What we’ve learned from the past and how to apply it moving forward
While motion design isn’t something entirely new, the way we use it and its popularity have drastically changed in recent years. GIFs (Graphics Interchange Format), cinemagraphs, 3D graphics and motion design have become entrenched in our society, from popular culture to marketing. Here’s a look back at the evolution of motion design over the last few years and how it’s set to keep evolving in the future.
While GIFs have been around for quite a while (since ‘87, in fact), they’ve recently been accepted into mainstream culture. For example, the communication platform WhatsApp has integrated the Giphy platform into its keyboard, Twitter started supporting GIFs in 2014 and in 2015, Facebook introduced the ability for users to post GIFs. All these advancements have put GIFs at the forefront of users’ interaction with motion design. It’s even become a standalone means of communication. Don’t know how to respond? Send a GIF.
But GIFs are also proving to be very useful in marketing. With transitions becoming smoother and more being possible, it’s now possible for designers to experiment and use GIFs to their advantage to share a message.
With videos and GIFs dominating the digital space, standing out meant doing something different with motion design. This is when cinemagraphs came about. Taking a still image and animating a single element in it, provided a new and interesting approach to moving images. At first glance, they appear to be just another image but the brain registers that something’s different.
While cinemagraphs are still less popular than videos and GIFs, the oversaturation of GIFs in media will mean that cinemagraphs will still have their moment. Especially since they can be made from nearly any still image. And you don’t always have to stick within the confines of only animating one element. When done right, cinemagraphs can look like videos.
While GIFs and cinemagraphs rely in part on realism, 3D graphics can break through the boundaries of possibility to create awe-inspiring designs that explore the world in unimaginable ways. More often than not, 3D graphics are used in marketing to portray products in a hyper-stylised manner that showcases features and elements that aren’t visible to the naked eye when viewing the product in real life.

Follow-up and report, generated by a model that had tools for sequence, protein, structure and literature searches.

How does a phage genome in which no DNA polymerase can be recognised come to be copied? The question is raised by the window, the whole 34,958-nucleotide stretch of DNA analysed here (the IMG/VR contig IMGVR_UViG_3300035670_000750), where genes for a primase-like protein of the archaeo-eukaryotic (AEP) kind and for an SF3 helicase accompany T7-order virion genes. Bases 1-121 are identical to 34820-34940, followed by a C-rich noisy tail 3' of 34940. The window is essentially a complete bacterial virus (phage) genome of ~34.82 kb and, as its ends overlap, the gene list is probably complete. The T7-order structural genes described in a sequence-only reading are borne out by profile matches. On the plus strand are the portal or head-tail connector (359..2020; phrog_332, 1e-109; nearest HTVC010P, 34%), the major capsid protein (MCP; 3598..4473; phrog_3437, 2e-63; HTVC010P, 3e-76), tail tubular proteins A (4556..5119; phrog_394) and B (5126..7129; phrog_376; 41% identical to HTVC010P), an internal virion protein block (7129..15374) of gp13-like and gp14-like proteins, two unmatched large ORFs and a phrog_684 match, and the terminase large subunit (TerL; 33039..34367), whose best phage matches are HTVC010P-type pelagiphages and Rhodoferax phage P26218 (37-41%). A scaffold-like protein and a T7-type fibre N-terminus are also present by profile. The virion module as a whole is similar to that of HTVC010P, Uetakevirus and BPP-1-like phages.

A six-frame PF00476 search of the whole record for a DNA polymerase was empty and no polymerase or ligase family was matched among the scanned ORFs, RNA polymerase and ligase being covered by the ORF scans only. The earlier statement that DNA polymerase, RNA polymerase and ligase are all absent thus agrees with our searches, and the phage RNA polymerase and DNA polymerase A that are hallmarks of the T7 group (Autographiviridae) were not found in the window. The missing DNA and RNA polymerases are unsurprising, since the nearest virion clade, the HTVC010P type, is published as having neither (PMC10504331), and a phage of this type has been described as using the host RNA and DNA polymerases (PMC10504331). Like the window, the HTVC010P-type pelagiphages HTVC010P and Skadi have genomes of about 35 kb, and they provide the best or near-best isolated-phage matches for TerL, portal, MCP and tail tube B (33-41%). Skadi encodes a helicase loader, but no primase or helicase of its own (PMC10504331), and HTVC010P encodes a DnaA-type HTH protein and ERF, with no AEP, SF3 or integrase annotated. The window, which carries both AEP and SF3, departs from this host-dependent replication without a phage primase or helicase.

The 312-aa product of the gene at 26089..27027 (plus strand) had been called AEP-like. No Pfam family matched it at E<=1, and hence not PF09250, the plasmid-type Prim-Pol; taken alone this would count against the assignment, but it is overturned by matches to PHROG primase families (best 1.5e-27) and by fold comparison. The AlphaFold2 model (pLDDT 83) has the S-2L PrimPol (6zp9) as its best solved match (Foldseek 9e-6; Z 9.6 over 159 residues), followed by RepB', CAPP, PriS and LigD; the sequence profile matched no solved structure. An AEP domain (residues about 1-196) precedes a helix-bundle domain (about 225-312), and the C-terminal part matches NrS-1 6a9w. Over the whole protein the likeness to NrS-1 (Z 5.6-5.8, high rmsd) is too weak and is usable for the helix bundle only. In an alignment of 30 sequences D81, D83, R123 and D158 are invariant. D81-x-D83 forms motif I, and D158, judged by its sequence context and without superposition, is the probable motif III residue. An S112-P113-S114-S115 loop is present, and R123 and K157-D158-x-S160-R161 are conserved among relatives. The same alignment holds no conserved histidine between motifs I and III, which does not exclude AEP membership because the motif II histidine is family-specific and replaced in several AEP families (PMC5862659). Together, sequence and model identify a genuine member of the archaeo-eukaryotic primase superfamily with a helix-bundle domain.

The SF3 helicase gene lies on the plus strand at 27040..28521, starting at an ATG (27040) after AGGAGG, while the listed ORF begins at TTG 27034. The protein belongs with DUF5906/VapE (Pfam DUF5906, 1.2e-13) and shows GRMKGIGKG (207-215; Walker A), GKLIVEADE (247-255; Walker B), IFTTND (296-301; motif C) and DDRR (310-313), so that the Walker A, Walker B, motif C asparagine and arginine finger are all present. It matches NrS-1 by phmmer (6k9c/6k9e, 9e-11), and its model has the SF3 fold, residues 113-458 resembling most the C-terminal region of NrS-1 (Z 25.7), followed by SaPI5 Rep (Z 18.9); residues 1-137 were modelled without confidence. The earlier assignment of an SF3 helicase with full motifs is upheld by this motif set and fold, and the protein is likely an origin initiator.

Taking motion design to the next level means doing what hasn’t been done before. When creating moving images of the future, there are a few ways to raise the bar and set yourself apart from the rest. For GIFs, kinetic typography provides a modern approach to the classic design type. And with 3D graphics, graininess can make otherwise cold and robotic designs look more gritty and lifelike. But the foolproof way to utilise these tools is to incorporate storytelling. Take a normal moving image and make it engage with users by adding a narrative element to it.
From our perspective at Rogerwilco, we’ve seen that social media posts which incorporate motion design deliver far better engagement metrics in both organic and paid or boosted environments. While the cost of production is slightly higher, in a time when audiences are saturated with content, there’s a strong argument that quality should come before quantity.
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